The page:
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Dr. Brock Grill is an Associate Professor in the Department of Neuroscience at the Scripps Research Institute in Florida. He received his B.Sc. in Microbiology from the University of Alberta and was awarded his Ph.D. in Experimental Medicine from the University of British Columbia. Brock conducted postdoctoral research at the University of California Santa Cruz and at Stanford University. He served on the faculty at the University of Minnesota Medical School before joining the faculty at Scripps – Florida. Brock is here with us today to tell us all about his journey through life and science.
People Behind the Science Podcast Show Notes
Life Outside of Science (2:01)
The things Brock does with his spare time are largely impacted by where he lives. He started kayaking in Vancouver, canoeing in Minneapolis, and now plays beach volleyball in Florida. Brock also enjoys cycling, cooking, and trying out new restaurants.
The Scientific Side (04:09)
In the lab, Brock is investigating how a nervous system is built and develops. Understanding how the nervous system is managed and regulated, beginning in development, can help discover new ways to address nervous system disorders such as neurodegenerative disease or autism.
A Dose of Motivation (06:00)
“Until one is committed, there is hesitancy, the chance to draw back, always ineffectiveness. Concerning all acts of initiative (and creation), there is one elementary truth the ignorance of which kills countless ideas and splendid plans: that the moment one definitely commits oneself, the providence moves too. All sorts of things occur to help one that would never otherwise have occurred. A whole stream of events issues from the decision, raising in one’s favor all manner of unforeseen incidents and meetings and material assistance, which no man could have dreamed would have come his way.” – William Hutchison Murray
What Got You Hooked on Science? (08:20)
As a kid, Brock was not very good at school, but he was curious and attracted to science from an early age. Brock remembers his first visit to a research lab where he saw DNA being run on an agarose gel right in front of him. This was a transformative experience that whetted his appetite for research. During college, Brock’s interests shifted from microbiology to immunology, and he didn’t begin conducting research in neuroscience until his time as a postdoctoral researcher.
The Low Points: Failures and Challenges (20:00)
In his postdoctoral laboratory, Brock had been working on one project for about a year and a half. He had been systematically collecting and compiling all of the experiments and components he needed for an exciting manuscript, and the project seemed to be going great. Everything had built up to that moment, and then the final experiments failed. This was devastating and Brock felt like he had let his mentor down by failing.
A Shining Success! (22:35)
Recently, Brock’s lab has made their first foray into studying whole animal behavior. This was difficult transition since his whole career focused on questions at a molecular level. It was exciting to work with a talented postdoc on a project where they described locomotion defects in nematode worms that they had seen at a molecular level and could now see behaviorally.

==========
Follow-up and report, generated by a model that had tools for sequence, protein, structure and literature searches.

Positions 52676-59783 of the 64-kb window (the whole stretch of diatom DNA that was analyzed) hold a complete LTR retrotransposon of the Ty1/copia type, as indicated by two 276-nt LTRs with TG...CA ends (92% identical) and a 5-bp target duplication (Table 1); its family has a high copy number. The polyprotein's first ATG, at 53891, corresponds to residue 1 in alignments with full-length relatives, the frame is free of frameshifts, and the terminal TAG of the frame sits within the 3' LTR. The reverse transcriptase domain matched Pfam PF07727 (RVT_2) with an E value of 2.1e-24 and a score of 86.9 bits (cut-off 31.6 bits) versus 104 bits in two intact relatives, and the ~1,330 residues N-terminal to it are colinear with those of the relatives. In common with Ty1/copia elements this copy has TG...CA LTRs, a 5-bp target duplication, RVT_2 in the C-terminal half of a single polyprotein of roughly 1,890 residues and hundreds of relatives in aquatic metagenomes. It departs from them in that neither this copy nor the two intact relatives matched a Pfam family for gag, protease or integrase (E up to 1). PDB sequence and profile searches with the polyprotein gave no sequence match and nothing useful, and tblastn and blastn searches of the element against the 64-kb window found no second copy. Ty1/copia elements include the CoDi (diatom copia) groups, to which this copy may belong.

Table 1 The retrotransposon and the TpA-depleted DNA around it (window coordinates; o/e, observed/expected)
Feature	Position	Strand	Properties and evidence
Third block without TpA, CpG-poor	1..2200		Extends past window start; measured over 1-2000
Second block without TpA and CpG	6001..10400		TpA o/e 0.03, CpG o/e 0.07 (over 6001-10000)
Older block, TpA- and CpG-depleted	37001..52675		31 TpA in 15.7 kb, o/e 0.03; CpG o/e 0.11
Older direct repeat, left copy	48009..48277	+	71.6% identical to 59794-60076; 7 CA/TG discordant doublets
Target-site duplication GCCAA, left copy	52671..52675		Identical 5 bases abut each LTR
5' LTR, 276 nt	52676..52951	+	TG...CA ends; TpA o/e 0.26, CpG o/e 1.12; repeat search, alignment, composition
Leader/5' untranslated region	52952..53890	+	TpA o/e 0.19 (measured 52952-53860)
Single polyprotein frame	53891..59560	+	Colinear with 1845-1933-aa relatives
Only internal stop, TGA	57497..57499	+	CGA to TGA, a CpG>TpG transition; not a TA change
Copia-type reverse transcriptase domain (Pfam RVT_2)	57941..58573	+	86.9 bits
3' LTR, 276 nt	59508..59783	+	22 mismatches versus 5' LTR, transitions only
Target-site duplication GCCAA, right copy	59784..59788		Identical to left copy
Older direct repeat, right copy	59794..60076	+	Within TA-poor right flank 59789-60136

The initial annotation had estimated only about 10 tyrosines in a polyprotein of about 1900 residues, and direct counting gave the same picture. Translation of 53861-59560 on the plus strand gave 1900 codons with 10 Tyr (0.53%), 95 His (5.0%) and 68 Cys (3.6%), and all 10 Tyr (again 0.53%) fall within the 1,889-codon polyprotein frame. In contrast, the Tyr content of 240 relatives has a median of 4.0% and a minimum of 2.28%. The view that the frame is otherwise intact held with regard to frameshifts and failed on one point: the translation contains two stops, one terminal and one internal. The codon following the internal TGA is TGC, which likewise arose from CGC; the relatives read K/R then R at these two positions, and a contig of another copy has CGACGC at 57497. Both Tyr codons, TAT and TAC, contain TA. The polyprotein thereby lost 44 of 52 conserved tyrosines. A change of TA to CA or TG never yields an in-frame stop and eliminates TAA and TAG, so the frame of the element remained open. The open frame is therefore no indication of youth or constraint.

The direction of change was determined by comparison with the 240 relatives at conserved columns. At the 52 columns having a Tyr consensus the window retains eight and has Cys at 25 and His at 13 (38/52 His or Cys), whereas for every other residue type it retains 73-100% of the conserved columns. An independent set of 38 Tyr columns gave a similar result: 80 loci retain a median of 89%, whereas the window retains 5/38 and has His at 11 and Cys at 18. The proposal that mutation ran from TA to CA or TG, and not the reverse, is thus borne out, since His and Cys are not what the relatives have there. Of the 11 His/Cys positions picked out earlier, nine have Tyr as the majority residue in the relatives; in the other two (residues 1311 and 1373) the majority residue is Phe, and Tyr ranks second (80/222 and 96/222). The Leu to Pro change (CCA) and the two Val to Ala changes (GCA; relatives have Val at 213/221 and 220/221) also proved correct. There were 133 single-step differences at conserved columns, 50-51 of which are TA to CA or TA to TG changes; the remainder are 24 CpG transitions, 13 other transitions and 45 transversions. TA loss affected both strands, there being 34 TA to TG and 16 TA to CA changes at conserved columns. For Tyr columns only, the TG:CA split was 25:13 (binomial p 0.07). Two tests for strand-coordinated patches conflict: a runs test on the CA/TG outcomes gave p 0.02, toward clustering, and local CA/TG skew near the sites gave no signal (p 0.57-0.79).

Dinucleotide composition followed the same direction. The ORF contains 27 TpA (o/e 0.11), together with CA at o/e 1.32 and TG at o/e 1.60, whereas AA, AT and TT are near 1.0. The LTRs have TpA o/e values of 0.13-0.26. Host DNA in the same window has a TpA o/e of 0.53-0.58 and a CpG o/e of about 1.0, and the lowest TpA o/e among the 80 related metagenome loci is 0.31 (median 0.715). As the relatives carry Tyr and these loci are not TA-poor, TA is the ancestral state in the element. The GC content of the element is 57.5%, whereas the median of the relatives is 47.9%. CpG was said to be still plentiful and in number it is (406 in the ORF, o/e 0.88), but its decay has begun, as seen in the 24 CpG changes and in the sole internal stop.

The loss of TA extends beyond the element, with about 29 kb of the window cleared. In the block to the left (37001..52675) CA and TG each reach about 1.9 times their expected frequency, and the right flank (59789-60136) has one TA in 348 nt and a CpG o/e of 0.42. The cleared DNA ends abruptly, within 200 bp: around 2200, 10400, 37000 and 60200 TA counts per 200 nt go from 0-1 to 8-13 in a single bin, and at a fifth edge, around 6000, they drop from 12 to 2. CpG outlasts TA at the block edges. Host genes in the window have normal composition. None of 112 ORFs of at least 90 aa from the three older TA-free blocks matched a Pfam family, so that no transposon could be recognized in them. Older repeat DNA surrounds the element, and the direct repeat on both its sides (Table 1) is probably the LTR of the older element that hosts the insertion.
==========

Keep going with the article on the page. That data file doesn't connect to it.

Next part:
Book Recommendations (27:40)
The Lord of the Rings by J. R. R. Tolkien, Life of Pi by Yann Martel
Most Treasured Travel (29:00)
One of Brock’s most memorable travel experiences was attending a Cold Spring Harbor meeting for the first time. He went as a postdoctoral fellow and was delighted by the opportunities to interact with famous neuroscientists. Brock remembers being invited by a neuroscientist he admired to join their table for dinner (where other distinguished neuroscientists were already seated), and it was a phenomenal experience. Everyone was so friendly, and his mind was reeling as they chatted about science, politics, and life over the course of the meal.
Quirky Traditions and Funny Memories (32:50)
At the University of British Columbia, Brock and his colleagues had fun with their annual tradition of painting the windows of the building for the holidays with different themes each year. The annual holiday party was scheduled a few weeks after window-painting, and they designated each floor of the building for different holiday party activities, including a dance floor with live music from their resident band.
Advice For Us All (37:05)
Make sure to keep your office door open. An open door signals openness to people and ideas. If you keep your door closed, you are closing yourself off from your colleagues and the world.
The goal of the Grill lab is to identify and analyze candidate molecular coordinators of neuronal development. To this end, we rely upon a simple model system, the nematode Caenorhabditis elegans, for several reasons. 1) The major events in the life of a developing C. elegans neuron, and the known molecular mechanisms that govern these events, are conserved with mammals. 2) Genome-wide genetic and transgenic techniques are well developed in C. elegans, which combined with the animal’s short life-cycle allow us to rapidly obtain important functional information about molecules of interest. 3) The Grill lab specializes in using proteomic screens to decipher the composition and function of protein complexes that regulate axon outgrowth and synapse formation. Once conserved signaling proteins that coordinate different events in neuronal development have been identified, we plan to use targeted drug screens to identify pharmaceuticals that can regulate their activity. It is our hope that such drugs will stimulate new synapse formation and/or axon outgrowth, and be potential therapeutics to treat conditions that cause a loss of synaptic connections, such as neurodegenerative diseases (e.g. Alzheimer’s disease) and stroke.